Gathering supplies wasn't so difficult--I basically raided various parts of the school:
-stop watches, thermometers, and hot plates from the chemistry room
-coffee mugs and a ladle from the teacher's work room
-and a pot to boil water in from the kitchen.
I wasn't sure how long it would take to boil water on a hotplate so I started it at the end of 2nd period. As it turns out, a pot of water never boils on a hotplate--ever. Over lunch I grabbed another portable stove from the chemistry room in hopes to get the water boiling by 5th period. We gained all of 10 degrees. By the time class rolled around we had 180 degree water.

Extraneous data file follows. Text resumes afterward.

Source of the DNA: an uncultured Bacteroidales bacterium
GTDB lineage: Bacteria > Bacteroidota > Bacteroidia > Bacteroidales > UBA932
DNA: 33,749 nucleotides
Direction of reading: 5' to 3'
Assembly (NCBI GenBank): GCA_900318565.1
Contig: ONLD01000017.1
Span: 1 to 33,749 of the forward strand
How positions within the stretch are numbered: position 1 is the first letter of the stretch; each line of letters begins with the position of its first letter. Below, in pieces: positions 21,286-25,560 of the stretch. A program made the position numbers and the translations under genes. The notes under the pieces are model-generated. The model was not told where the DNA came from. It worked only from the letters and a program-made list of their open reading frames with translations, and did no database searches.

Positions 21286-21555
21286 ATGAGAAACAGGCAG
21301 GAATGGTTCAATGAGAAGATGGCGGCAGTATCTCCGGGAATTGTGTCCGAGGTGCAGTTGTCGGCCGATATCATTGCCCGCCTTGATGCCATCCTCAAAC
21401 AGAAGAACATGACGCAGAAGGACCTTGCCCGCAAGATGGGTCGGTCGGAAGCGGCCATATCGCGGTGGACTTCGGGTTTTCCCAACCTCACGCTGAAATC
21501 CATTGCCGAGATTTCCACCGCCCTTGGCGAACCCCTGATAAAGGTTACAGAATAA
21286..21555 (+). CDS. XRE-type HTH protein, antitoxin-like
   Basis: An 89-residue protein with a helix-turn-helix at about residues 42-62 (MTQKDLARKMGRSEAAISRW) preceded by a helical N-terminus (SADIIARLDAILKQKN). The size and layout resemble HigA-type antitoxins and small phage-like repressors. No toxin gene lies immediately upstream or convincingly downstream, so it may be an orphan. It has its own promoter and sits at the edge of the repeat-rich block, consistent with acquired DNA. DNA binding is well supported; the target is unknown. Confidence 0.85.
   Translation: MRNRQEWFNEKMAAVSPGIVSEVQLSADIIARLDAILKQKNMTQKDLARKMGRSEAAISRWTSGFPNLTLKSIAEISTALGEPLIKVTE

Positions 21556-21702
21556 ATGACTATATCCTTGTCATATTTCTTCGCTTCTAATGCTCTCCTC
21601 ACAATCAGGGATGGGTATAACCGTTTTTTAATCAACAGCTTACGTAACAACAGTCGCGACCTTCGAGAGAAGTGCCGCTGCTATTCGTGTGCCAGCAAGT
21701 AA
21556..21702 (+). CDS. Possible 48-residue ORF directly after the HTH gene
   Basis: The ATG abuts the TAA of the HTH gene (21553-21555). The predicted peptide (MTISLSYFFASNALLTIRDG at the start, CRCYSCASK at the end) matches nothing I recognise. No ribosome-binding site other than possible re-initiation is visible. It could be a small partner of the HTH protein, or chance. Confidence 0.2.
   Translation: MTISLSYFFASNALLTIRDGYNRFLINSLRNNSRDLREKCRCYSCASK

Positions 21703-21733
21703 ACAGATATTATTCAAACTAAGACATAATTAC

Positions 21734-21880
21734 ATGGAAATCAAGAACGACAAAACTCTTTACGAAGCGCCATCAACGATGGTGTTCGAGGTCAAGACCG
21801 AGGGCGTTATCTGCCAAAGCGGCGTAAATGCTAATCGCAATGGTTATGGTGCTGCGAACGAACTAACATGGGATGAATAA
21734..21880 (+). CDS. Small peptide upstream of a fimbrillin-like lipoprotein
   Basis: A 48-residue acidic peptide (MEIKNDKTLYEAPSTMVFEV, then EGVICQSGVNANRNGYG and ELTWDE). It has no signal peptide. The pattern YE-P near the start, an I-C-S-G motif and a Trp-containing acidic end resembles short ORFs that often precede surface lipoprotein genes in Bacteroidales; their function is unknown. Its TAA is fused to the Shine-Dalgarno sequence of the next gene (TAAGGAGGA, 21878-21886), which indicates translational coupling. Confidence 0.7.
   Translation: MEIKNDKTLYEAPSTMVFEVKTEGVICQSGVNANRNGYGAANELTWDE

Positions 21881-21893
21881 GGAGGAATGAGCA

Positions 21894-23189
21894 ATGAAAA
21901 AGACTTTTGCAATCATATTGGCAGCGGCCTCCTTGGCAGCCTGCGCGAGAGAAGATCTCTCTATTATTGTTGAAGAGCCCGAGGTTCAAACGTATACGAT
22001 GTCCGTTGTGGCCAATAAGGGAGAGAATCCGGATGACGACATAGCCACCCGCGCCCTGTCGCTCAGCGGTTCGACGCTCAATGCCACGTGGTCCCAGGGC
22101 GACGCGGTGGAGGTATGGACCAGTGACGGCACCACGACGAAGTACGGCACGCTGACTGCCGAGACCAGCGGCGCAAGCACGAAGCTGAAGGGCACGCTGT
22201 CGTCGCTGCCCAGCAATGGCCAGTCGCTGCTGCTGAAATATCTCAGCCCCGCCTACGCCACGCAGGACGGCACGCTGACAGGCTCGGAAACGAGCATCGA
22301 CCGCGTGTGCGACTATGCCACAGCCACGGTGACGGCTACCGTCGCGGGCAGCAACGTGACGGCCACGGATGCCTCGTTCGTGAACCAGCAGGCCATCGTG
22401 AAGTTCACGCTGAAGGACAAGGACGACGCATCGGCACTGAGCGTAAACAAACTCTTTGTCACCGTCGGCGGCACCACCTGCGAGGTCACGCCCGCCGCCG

Then the group below presented. They realized the horizontal asymptote needed to be at room temperature so they looked at the thermostat in my room. Then they proceeded to subtract 70 degrees from each of their data points before creating an equation. After finding an equation, they translated the equation back up by 70 degrees. Brilliant!
After one of the groups finished collecting data points, I used their cup of water and my digital thermometer for the graphing calculator to gather some of my own data. Unsurprisingly, it's much easier to tell the difference between temperatures when the water is much hotter. If I was to do this again, I would either want boiling water, better thermometers, a video with a digital thermometer read-out along with the time, or maybe even just the data could work well (but that's on the boring end of things).